This is part of an on-going Series with the Bulletin, where Critical Questions are posed to a variety of scholars on the same topic. Other posts in this series can be found here.
Clayton Crockett is an associate professor and director of the religious studies program at the University of Central Arkansas. His research interests include continental philosophy, postmodern theology, Gilles Deluze, psychoanalytic theory, and religion and politics. He is the author of Radical Political Theology: Religion and Politics After Liberalism and co-author of Religion, Politics, and the Earth: The New Materialism with Jeffery W. Robbins.
It is well known, at least amongst insiders, that the study of
religion is internally divided in many ways. One of these divisions
includes what we might term confessional versus non-confessional
approaches to religion (e.g., as a form of practice, as an object of
study, etc.). What is your sense of how this tension plays out and
what it might suggest, positively or negatively, for the discipline as
I am less interested in the conflict between confessional and non-confessional approaches to religion on the part of individuals and particular studies. The study of religion cannot fully escape this tension as a whole, and it cannot banish so-called confessional approaches to the discipline. We need to be reflexive about our ethical commitments, and these might be more explicitly religious, but they may also be social, political, economic, secularist, etc. Furthermore, I think that the academic study of religion needs to include the study of theology, in critical and self-critical ways, because something like a theology always accompanies something like religion as a lining. And what we call religion is always implicated in epistemological and political discourses that are complex and over-determined, such that scholars of religion cannot claim a purity or innocence from these questions.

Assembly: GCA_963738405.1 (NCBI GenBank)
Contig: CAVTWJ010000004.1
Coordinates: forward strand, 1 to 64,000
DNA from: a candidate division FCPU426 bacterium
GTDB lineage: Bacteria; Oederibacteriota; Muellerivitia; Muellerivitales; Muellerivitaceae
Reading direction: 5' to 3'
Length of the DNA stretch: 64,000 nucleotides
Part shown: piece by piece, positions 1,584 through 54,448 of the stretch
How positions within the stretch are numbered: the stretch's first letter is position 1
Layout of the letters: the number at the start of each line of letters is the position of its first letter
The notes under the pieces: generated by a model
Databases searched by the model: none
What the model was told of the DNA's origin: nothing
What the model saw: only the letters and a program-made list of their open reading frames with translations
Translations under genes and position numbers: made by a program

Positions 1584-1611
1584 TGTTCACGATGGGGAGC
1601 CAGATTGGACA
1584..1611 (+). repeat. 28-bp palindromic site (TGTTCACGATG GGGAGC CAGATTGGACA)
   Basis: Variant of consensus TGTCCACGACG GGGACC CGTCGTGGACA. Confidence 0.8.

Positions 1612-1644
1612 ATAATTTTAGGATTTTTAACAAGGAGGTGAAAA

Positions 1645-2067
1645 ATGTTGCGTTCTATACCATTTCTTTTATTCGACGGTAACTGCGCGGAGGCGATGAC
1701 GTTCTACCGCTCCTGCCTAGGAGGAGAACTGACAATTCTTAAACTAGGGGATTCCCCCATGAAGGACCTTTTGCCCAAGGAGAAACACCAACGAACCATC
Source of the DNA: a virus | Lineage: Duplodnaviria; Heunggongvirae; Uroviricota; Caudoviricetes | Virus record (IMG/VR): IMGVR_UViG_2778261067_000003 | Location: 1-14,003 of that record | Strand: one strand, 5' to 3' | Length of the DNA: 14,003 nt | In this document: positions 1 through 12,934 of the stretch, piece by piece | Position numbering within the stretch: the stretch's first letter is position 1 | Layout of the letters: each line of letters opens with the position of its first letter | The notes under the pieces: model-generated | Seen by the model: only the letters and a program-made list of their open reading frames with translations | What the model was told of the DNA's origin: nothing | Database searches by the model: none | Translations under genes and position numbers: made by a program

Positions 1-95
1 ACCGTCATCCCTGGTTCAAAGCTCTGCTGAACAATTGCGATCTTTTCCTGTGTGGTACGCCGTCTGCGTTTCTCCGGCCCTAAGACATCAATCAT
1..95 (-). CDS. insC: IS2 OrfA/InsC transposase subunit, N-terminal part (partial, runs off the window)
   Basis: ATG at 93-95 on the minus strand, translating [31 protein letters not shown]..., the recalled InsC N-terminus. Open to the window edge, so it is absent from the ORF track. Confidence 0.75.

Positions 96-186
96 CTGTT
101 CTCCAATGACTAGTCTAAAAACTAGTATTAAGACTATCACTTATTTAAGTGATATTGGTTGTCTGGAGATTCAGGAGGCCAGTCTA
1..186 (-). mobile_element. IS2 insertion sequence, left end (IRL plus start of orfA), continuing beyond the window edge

I am more concerned about and critical of confessional institutions, and how they shape the study of religion in North America, but especially the United States. The problem with the religious and education history of the US is that most elite academic institutions are connected with a divinity school or a seminary, and in many cases the theoretical component of the academic study of religion is relegated to these confessional spaces, while departments of religious studies pursue more empirical and social scientific studies that are conceived alternatively as both complementary and antagonistic in relation to the divinity schools. This is the Protestant seminary model, from which the World Religions curriculum importantly breaks. But the curriculum of World Religions, in emancipating itself from the Protestant seminary model, gives up important philosophical and theoretical tools in its default adoption of social scientific or historical methodological perspectives, and it is also implicated in colonialist agendas and practices, as Tomoko Masuzawa points out in The Invention of World Religions. Roman Catholic institutions do not suffer from the same kind of split, and may offer more holistic approaches to the study of religion, but these institutions operate under kind of authority to the Church as a whole to a greater or lesser extent. Furthermore, recently these Roman Catholic institutions are being pressured to identify themselves more explicitly and exclusively as Catholic, for many reasons, and this pressure is being felt most powerfully in departments of religion and theology.
We need academic institutional spaces not to enforce a rigid secularism on scholars, but to support and sustain critical engagements with and of religion in diverse and pluralistic ways. So long as religion is important enough to merit academic study, we will live with the tension between confessional and non-confessional modes of study and practice, but we require the freedom and the resources to pursue these diverse modes in critical and self-critical ways.